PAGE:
In the motion picture industry, a highly unsuccessful movie, which also happens to be unprofitable during its theatrical run, is what’s called a ‘box-office flop’ or ‘box-office bomb.’ However, film history has proven so far that it is not impossible for movies which are initially considered fiascos and lose money at the box-office to recover and become popular with time; au contraire, there’s a rather long list of films which have been re-valued and have succeeded over time, long after their theater release and are now considered as absolute cults, up to a point where life’s become impossible to imagine without them.
Here’s our selection of the best box-office flops now become legendary, undeniable cults. Now, please note: as Timothée Chalamet once told Jimmy Fallon, commenting his own epic fall-off the chair during a Q&A at the New York Film Festival, “It’s all about the recovery.”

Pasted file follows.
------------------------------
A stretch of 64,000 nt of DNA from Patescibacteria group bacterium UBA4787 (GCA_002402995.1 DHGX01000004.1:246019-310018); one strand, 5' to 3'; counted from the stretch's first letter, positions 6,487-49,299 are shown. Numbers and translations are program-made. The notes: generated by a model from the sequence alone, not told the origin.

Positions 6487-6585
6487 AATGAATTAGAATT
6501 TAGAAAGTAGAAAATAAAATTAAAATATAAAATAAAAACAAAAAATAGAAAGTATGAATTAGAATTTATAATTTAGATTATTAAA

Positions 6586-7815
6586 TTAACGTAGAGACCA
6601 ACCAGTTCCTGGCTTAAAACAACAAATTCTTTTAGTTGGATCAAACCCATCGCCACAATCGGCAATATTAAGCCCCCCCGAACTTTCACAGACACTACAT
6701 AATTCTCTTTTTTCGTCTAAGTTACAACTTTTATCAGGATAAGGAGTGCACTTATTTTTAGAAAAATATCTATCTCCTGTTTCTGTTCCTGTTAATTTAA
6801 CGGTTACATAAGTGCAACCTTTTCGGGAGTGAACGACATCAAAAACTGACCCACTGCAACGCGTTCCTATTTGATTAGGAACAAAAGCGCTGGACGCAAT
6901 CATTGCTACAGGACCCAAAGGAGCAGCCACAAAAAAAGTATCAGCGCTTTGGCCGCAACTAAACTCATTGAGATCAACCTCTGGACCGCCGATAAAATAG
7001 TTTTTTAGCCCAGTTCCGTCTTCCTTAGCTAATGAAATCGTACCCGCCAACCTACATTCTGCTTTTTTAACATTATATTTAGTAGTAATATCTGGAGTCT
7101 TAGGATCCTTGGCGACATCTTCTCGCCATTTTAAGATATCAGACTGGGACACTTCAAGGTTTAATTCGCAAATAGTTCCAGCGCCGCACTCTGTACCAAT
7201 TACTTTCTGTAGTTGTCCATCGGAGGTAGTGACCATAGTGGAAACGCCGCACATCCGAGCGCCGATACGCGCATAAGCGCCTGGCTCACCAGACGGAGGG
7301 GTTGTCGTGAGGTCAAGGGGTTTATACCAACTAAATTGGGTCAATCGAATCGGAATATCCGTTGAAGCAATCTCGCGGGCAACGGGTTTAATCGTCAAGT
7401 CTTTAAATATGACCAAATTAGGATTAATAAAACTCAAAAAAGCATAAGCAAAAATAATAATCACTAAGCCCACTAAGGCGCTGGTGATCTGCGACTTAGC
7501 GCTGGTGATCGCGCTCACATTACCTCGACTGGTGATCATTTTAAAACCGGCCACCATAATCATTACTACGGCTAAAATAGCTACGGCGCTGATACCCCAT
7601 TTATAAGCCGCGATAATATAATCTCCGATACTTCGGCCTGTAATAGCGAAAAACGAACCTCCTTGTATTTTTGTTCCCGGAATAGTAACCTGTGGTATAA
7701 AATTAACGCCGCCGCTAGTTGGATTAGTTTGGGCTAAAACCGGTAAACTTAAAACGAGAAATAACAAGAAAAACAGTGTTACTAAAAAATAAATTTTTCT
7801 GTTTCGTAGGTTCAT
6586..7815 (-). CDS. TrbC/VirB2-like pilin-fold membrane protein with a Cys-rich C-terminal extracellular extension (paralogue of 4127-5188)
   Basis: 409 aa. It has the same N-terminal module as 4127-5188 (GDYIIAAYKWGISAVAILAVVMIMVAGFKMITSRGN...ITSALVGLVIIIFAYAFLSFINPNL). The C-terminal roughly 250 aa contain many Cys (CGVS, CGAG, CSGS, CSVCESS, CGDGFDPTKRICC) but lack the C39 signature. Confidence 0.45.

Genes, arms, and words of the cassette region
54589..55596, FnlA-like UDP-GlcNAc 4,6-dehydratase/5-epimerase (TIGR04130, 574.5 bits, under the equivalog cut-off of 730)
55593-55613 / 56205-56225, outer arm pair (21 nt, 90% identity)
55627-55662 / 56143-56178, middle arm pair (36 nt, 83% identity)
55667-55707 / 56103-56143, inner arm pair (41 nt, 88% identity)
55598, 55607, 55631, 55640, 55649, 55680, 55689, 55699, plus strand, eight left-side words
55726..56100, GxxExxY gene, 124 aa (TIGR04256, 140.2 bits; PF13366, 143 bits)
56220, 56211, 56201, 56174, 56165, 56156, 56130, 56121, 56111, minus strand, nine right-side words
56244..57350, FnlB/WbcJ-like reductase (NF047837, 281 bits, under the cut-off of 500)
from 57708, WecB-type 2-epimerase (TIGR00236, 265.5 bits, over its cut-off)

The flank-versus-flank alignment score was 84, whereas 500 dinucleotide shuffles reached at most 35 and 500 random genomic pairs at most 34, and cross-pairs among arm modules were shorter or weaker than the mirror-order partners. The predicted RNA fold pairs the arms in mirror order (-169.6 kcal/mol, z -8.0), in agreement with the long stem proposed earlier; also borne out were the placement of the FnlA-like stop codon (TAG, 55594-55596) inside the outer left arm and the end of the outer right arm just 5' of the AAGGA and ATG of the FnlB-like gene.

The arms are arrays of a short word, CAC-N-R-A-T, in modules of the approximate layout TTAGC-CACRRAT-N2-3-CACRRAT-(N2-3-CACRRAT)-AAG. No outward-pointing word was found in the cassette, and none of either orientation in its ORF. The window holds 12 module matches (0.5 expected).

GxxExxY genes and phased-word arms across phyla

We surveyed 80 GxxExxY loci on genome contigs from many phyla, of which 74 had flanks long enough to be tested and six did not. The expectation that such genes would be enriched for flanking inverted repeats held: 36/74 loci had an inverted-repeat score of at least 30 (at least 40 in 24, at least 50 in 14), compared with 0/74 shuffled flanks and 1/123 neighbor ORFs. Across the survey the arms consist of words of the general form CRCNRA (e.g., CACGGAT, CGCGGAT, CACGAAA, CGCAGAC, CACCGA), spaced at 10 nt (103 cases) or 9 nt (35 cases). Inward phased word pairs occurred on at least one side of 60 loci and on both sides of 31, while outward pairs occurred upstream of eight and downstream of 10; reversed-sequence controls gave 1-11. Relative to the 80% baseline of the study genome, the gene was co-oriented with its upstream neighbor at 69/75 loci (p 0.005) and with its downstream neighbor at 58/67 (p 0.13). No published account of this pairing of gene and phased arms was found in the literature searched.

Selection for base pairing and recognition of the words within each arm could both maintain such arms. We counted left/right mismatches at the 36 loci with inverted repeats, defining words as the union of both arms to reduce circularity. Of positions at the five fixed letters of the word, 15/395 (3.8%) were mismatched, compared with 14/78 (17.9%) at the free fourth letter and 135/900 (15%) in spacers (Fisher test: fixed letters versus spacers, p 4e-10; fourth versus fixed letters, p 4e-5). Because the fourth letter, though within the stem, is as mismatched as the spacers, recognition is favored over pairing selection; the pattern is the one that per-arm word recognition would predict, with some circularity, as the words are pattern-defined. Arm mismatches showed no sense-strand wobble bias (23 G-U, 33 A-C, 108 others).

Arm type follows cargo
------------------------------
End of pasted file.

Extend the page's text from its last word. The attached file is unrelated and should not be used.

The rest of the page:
“Willy Wonka and the Chocolate Factory”
The very first movie adaptation of Roald Dahl’s novel – the story of poor child Charlie who finds in a chocolate bar the Golden Ticket that will take him to live the most unimaginable adventures in Willy Wonka’s famous chocolate factory – was not a big box-office success at the time of its release in 1971. Directed by Mel Stuart and starring Gene Wilder as chocolatier Wonka, Variety called the film “an okay family musical fantasy” with no “especially rousing or memorable songs;” on the same subject, the Los Angeles Times wrote that the tunes were “instantly forgettable,” while the Chicago Tribune complained, “anticipation of what Wonka’s factory is like is so well developed that its eventual appearance is a terrible letdown.”
Later on, the movie gained popularity and success thanks to its repeated broadcasts on TV and to VHS sales, reaching new generations of viewers over time. The movie is now considered one of the top cult movies of all time, in competition with its 2005 remake by Tim Burton.
“The Rocky Horror Picture Show”